The AP reports :
A judge is trying to bankrupt an ex-reporter with daily fines as much as $5,000 for refusing to disclose her sources for stories about the 2001 anthrax attacks, press advocates said Saturday.
They also said the case involving Toni Locy shows why Congress should pass a federal shield law for reporters.
U.S. District Judge Reggie B. Walton on Friday denied a request from Locy to stay payment of fines for a contempt citation pending an appeal and ruled she must "personally bear the responsibility of paying the fine the court imposed."
While at USA Today, Locy wrote about a former Army scientist, Steven J. Hatfill, whom the Justice Department identified in 2002 as a "person of interest" in the anthrax attacks. They killed five and sickened 17 others weeks after the terrorist strikes of Sept. 11, 2001.
Hatfill has denied any involvement in the anthrax attacks and sued the government for violating his privacy by discussing the investigation with reporters. No one was charged in the attacks.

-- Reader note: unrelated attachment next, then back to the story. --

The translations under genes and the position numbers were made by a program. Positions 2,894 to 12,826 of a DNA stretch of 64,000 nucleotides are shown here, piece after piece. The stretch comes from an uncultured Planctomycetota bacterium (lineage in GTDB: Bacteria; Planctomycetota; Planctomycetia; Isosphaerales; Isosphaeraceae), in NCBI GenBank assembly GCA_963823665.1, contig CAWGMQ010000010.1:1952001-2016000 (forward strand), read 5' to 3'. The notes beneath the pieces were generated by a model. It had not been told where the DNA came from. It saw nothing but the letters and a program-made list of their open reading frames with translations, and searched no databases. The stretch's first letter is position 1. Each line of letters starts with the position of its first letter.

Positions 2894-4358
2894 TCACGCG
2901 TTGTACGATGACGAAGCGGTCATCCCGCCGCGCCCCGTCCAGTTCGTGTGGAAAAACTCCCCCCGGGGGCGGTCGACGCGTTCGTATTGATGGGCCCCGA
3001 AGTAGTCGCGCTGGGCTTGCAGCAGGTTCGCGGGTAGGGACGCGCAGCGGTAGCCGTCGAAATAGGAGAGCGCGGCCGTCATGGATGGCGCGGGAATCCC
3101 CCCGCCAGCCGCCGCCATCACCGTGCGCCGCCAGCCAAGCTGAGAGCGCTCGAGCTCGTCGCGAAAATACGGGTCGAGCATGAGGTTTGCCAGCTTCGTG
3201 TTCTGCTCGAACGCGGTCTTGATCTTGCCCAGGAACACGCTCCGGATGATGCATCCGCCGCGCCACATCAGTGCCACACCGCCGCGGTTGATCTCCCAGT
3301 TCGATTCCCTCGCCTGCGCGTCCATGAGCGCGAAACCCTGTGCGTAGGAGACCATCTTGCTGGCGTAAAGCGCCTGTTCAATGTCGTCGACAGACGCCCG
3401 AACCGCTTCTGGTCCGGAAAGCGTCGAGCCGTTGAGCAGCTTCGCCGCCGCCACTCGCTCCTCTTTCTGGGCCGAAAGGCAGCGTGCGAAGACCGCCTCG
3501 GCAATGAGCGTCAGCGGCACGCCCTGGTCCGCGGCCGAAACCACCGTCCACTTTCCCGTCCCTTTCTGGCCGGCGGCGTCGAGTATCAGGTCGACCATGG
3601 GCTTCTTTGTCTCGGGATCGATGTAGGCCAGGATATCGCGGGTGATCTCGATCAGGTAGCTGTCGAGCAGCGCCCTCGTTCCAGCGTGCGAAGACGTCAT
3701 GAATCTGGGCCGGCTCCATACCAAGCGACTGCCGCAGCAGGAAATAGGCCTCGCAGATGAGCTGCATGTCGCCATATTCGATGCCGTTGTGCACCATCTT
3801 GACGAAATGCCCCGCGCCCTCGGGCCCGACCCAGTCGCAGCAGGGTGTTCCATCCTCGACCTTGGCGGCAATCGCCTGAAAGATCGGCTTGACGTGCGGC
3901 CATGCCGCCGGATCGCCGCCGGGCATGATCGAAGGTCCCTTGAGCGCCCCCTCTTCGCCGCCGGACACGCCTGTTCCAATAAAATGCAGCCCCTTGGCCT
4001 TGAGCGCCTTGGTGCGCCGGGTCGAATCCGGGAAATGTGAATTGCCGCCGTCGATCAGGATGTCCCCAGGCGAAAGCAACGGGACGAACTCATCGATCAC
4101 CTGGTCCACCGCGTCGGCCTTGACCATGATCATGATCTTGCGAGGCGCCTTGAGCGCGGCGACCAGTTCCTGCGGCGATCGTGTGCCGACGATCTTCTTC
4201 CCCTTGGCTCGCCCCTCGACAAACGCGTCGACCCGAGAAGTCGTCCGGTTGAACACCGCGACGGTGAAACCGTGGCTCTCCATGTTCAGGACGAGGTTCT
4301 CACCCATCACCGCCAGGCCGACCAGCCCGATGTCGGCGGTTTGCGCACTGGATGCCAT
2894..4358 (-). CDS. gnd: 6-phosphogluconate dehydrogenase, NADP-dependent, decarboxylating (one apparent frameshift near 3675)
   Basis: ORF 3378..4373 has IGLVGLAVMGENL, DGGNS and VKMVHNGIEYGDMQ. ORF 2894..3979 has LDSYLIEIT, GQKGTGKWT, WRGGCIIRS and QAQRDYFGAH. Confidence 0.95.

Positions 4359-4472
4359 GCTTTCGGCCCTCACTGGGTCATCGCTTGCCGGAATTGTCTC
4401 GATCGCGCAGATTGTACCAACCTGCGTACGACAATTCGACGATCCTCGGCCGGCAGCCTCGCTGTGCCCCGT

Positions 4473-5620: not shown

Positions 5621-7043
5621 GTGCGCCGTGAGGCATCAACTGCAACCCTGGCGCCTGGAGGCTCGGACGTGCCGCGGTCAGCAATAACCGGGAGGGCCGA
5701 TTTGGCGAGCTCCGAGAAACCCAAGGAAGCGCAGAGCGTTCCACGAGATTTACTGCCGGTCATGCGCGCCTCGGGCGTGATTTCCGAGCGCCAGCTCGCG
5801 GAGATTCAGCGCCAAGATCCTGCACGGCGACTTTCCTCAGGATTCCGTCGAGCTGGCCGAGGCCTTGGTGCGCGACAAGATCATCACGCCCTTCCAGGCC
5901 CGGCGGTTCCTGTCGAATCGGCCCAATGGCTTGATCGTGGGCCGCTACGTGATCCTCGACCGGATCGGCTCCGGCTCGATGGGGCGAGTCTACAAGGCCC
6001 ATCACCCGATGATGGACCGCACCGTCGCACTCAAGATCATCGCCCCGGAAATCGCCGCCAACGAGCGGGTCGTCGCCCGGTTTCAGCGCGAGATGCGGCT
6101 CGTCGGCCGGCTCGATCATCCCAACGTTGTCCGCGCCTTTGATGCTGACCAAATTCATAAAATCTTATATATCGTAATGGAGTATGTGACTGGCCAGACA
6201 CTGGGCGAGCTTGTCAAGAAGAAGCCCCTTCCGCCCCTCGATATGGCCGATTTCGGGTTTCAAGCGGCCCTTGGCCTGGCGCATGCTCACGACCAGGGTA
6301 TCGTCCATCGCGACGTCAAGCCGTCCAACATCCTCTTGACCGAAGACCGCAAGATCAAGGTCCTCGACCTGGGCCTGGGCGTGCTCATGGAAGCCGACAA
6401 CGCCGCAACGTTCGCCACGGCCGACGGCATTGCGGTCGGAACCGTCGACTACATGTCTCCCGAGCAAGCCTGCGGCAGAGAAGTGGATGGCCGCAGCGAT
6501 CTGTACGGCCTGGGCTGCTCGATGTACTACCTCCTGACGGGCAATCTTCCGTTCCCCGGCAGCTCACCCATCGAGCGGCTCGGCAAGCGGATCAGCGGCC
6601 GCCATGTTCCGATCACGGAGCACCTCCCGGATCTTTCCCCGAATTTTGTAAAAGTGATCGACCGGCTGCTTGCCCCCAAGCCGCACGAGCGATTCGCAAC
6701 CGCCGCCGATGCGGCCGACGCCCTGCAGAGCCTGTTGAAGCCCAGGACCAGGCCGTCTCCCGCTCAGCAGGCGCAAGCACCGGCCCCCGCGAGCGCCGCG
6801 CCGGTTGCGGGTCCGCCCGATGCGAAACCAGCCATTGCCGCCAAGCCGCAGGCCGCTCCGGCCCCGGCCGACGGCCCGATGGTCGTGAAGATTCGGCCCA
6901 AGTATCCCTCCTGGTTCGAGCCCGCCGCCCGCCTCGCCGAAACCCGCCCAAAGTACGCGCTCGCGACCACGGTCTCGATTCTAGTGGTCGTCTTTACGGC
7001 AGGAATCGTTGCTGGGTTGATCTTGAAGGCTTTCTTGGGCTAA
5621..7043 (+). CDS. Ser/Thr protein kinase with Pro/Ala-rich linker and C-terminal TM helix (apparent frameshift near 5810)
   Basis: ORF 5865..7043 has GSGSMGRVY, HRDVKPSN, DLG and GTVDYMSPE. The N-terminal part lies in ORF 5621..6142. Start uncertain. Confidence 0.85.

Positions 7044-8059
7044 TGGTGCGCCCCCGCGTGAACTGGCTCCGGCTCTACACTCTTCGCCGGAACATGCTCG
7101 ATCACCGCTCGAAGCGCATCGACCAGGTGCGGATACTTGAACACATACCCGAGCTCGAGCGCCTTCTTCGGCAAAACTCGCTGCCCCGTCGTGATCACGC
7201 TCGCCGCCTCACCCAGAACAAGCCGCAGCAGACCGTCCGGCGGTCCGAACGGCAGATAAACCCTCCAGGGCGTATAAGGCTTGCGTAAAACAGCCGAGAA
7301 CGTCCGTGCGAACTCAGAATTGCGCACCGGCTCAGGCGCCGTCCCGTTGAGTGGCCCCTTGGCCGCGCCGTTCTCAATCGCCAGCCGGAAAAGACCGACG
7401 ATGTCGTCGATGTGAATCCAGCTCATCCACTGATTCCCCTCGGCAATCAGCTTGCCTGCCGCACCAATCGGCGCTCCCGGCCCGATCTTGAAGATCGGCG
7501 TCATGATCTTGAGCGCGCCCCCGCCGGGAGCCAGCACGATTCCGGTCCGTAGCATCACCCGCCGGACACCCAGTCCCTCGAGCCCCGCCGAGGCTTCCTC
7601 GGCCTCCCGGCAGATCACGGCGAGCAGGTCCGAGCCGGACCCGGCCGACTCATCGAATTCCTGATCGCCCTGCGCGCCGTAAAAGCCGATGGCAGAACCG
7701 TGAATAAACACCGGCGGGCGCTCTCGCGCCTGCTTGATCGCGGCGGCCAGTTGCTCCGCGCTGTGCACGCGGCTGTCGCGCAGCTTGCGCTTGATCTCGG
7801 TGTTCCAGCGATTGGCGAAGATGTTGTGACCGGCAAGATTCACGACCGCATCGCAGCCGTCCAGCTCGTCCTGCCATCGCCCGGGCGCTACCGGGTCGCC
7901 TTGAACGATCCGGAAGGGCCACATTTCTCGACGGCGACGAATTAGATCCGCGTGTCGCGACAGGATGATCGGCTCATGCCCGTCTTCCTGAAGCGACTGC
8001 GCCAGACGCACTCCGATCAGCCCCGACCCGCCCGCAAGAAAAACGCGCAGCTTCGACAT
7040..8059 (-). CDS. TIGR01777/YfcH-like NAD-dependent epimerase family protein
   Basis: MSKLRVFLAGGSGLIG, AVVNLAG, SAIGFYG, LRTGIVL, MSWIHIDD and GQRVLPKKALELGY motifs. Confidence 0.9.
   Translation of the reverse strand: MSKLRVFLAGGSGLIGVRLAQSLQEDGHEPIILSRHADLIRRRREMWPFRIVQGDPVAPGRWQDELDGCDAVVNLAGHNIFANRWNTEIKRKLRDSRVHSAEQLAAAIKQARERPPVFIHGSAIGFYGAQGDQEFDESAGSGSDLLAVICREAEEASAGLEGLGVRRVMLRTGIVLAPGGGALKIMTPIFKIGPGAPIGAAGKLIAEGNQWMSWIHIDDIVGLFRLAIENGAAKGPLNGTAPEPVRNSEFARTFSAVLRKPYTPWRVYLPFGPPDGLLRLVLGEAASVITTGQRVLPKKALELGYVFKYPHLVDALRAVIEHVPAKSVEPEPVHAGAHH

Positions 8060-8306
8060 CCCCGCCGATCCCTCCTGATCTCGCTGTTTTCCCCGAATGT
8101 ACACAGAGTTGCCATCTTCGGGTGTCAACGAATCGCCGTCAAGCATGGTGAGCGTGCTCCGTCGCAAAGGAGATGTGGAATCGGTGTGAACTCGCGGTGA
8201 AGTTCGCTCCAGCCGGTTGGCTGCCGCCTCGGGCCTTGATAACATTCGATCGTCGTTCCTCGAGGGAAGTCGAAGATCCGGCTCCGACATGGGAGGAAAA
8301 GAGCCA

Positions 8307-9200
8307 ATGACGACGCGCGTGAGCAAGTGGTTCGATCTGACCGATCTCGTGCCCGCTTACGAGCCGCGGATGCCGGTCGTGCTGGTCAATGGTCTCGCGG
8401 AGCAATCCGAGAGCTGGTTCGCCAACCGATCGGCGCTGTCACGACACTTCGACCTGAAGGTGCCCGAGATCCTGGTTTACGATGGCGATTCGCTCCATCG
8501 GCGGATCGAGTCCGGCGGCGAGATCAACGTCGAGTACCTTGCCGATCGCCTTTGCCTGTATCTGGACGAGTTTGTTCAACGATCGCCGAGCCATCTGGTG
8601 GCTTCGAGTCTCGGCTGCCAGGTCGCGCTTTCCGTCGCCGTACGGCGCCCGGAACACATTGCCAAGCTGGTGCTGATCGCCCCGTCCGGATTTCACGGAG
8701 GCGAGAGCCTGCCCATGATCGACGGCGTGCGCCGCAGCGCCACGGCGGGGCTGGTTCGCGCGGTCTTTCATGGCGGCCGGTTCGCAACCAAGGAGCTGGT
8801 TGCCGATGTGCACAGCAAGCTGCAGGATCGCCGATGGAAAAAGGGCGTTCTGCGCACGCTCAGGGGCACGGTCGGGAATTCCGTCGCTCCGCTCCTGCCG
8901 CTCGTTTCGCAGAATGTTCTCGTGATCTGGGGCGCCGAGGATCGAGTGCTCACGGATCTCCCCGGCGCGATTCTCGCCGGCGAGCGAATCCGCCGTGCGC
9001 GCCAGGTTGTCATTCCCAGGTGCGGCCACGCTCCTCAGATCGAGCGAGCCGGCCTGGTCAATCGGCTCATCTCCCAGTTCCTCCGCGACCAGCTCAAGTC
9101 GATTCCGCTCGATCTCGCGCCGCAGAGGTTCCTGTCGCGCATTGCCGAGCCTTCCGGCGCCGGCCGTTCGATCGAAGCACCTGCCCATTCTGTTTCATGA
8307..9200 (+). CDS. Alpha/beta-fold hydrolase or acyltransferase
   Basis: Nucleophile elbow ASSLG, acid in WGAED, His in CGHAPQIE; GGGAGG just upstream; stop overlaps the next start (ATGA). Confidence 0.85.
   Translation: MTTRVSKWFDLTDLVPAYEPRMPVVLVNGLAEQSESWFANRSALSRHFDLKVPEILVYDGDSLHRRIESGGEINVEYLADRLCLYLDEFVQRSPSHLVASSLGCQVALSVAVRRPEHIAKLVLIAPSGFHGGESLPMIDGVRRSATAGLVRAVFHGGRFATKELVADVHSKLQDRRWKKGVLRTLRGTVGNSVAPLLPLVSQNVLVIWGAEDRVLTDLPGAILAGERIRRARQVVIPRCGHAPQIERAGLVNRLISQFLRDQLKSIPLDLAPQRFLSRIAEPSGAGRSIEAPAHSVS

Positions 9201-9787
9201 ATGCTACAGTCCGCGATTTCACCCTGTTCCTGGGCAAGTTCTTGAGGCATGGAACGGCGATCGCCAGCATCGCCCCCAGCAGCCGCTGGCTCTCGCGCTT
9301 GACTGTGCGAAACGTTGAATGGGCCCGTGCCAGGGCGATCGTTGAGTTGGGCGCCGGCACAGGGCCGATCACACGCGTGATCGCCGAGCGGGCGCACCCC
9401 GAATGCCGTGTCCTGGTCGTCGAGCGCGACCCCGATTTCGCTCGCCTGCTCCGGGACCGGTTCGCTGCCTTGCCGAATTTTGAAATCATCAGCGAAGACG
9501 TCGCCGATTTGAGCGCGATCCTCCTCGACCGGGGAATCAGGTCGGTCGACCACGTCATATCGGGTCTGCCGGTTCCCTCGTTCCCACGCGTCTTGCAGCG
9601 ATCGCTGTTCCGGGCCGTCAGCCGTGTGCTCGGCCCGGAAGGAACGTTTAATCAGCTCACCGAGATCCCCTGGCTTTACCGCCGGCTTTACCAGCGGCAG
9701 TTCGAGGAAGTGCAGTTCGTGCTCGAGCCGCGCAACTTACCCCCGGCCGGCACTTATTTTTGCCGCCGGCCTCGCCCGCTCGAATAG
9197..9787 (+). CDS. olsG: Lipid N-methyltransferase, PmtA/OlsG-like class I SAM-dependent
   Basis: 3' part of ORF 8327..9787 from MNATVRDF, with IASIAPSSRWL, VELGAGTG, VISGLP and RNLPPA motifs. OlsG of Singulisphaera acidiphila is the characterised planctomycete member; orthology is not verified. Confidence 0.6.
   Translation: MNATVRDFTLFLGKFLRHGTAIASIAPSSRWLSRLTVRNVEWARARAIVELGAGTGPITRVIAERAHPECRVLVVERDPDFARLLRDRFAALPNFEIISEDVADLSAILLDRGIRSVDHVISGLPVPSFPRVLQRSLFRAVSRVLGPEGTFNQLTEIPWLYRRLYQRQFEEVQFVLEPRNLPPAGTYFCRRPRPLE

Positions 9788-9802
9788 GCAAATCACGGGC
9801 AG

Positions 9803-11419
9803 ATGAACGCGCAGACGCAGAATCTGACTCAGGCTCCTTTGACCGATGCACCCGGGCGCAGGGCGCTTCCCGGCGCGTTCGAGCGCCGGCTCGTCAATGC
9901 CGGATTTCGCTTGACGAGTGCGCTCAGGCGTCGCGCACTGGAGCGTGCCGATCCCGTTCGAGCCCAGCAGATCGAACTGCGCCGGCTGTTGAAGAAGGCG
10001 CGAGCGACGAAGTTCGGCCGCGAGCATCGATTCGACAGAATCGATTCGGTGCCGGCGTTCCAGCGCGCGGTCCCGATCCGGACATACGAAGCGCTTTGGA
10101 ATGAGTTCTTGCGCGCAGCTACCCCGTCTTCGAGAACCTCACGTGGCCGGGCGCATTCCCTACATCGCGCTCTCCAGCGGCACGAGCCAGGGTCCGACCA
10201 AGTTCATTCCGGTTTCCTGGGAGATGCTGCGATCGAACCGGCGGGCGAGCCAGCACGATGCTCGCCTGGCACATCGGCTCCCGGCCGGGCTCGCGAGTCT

Lucy Dalglish, executive director of the Reporters Committee for the Freedom of the Press, said Walton appears to be trying to bankrupt Locy, a former Associated Press reporter who now is a professor at West Virginia University's journalism school.
"What he's doing is essentially saying, 'Toni Locy I am going to destroy your life'" she said. "This is just plain crazy. I know you're not supposed to call a federal judge arrogant, but this is arrogant."
The judge pointed to statements Hatfill's lawyers made in court papers in explaining his rationale. Hatfill's legal team said that while Locy's reporting was conducted "within the scope of her employment for USA Today, her contempt was not. It began long after she left the employment of USA Today."
Starting at midnight Tuesday, Locy was ordered to pay fines of $500 a day for the first week, $1,000 a day for the second week and $5,000 thereafter until she appears before the judge April 3.